Blame game over whether Sony is to blame for PES 2019 being removed from PS+
The story broke earlier this week that PES 2019, one of the two free games being offered to Playstation Plus subscribers in July 2019 was pulled from the lineup with no real warning. The football title was replaced with Quantic Dream’s Detroit: Become Human.
Gamers were incensed by the sudden change, pestering Sony and Konami over the decision. The word quickly came back that the decision was made by the parent division, Sony Interactive Entertainment, so press and gamers started digging.
In a statement given to Eurogamer, a representative of Konami has now said ‘This decision was made by SIE and so please make an inquiry to SIE.’ European PES brand manager Lennart Bobzin meanwhile said to Gamespot when the story broke: ‘I cannot really tell you what happened because I just found out today, in the morning when I opened my laptop. I can’t really explain.’
A second statement was issued through Eurogamer did in fact confirm that Sony wanted the game replaced in the monthly lineup, but no further explanation was offered. Sony Interactive Entertainment said:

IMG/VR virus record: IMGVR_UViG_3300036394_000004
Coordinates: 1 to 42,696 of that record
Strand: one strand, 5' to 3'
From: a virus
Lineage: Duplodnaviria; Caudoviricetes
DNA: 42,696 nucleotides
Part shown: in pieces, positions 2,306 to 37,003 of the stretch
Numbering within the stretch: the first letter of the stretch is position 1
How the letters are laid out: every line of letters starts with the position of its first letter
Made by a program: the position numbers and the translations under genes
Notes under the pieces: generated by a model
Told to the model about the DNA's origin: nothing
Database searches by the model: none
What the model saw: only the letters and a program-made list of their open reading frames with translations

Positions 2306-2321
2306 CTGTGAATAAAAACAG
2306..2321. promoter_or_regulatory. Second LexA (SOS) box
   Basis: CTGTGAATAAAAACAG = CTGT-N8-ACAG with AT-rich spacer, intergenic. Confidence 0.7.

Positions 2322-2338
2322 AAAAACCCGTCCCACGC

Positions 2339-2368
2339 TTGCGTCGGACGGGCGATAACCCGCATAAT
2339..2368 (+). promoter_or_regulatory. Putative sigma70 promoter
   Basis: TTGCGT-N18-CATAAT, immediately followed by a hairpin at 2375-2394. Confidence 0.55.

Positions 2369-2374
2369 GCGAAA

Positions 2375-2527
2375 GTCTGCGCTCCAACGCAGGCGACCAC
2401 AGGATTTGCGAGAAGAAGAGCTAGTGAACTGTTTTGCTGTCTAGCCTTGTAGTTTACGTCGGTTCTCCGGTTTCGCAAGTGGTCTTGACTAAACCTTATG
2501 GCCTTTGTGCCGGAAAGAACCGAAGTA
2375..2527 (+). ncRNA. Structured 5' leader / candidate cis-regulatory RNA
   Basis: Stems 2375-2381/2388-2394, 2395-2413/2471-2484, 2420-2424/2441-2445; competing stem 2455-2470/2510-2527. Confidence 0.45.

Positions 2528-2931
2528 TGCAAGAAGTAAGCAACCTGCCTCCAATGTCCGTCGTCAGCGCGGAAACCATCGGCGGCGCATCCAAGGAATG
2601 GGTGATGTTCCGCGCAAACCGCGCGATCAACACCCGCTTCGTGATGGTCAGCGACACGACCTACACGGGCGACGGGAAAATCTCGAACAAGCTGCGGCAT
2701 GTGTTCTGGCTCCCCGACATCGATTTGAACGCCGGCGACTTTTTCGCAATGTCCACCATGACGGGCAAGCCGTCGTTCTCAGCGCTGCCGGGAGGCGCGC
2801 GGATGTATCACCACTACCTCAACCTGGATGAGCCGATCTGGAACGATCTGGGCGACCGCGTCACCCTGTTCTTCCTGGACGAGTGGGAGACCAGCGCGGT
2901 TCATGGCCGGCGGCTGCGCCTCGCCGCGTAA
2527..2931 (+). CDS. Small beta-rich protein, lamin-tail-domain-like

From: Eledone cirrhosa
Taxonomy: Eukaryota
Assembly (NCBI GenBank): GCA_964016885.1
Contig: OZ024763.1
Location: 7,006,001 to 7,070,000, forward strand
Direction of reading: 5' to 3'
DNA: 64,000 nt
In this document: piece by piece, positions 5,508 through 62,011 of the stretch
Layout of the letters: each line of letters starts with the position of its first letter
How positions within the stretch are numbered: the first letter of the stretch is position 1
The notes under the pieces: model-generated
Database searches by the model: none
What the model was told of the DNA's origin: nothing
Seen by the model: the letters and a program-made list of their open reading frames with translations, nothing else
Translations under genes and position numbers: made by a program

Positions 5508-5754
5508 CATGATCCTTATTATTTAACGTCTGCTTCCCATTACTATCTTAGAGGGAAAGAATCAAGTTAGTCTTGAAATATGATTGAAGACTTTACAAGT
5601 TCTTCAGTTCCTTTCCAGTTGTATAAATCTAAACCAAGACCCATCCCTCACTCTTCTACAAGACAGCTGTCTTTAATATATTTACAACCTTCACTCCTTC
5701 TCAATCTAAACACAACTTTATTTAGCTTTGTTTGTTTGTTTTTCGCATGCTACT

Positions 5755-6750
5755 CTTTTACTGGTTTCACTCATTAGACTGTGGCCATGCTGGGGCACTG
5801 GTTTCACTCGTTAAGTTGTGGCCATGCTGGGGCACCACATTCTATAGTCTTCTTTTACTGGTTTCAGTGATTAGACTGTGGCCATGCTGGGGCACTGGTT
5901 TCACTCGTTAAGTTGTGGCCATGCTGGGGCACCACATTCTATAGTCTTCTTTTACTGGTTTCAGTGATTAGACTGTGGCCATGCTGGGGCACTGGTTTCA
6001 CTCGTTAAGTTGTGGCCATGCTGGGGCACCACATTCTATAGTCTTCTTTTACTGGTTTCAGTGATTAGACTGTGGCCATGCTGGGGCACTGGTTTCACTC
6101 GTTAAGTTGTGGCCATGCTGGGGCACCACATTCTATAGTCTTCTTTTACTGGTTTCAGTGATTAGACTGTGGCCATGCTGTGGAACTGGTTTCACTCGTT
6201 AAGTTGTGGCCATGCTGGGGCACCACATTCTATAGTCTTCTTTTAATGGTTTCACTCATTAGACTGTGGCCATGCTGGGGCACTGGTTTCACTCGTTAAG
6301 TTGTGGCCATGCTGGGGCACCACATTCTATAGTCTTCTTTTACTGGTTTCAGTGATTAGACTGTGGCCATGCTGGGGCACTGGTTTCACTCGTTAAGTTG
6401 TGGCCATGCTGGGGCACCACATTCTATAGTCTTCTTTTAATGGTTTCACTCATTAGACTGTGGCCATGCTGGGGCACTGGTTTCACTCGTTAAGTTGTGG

We have decided to make a change to the PS Plus games lineup this month, and will be offering Detroit: Become Human Digital Deluxe Edition instead of Pro Evolution Soccer 2019. This was a decision we decided to make as a company, and we apologise for any inconvenience.
This has done little to quell the question that remains about why this change was made. Whether it’s internal strife or a beef between two corporations, we have no idea. It could be that SIE just wanted a different game in the rotation. Maybe a deal was reached with Quantic Dream behind closed doors, no way to know for sure unless SIE confirms otherwise.
The more likely explanation is that a recently inked marketing deal between Sony and EA played a hand in the change. The Japanese company recently signed an agreement with Electronic Arts to aid in promotion of FIFA 20, so there’s a distinct possibility that the promotion of a rival sports title conflicted with said deal.
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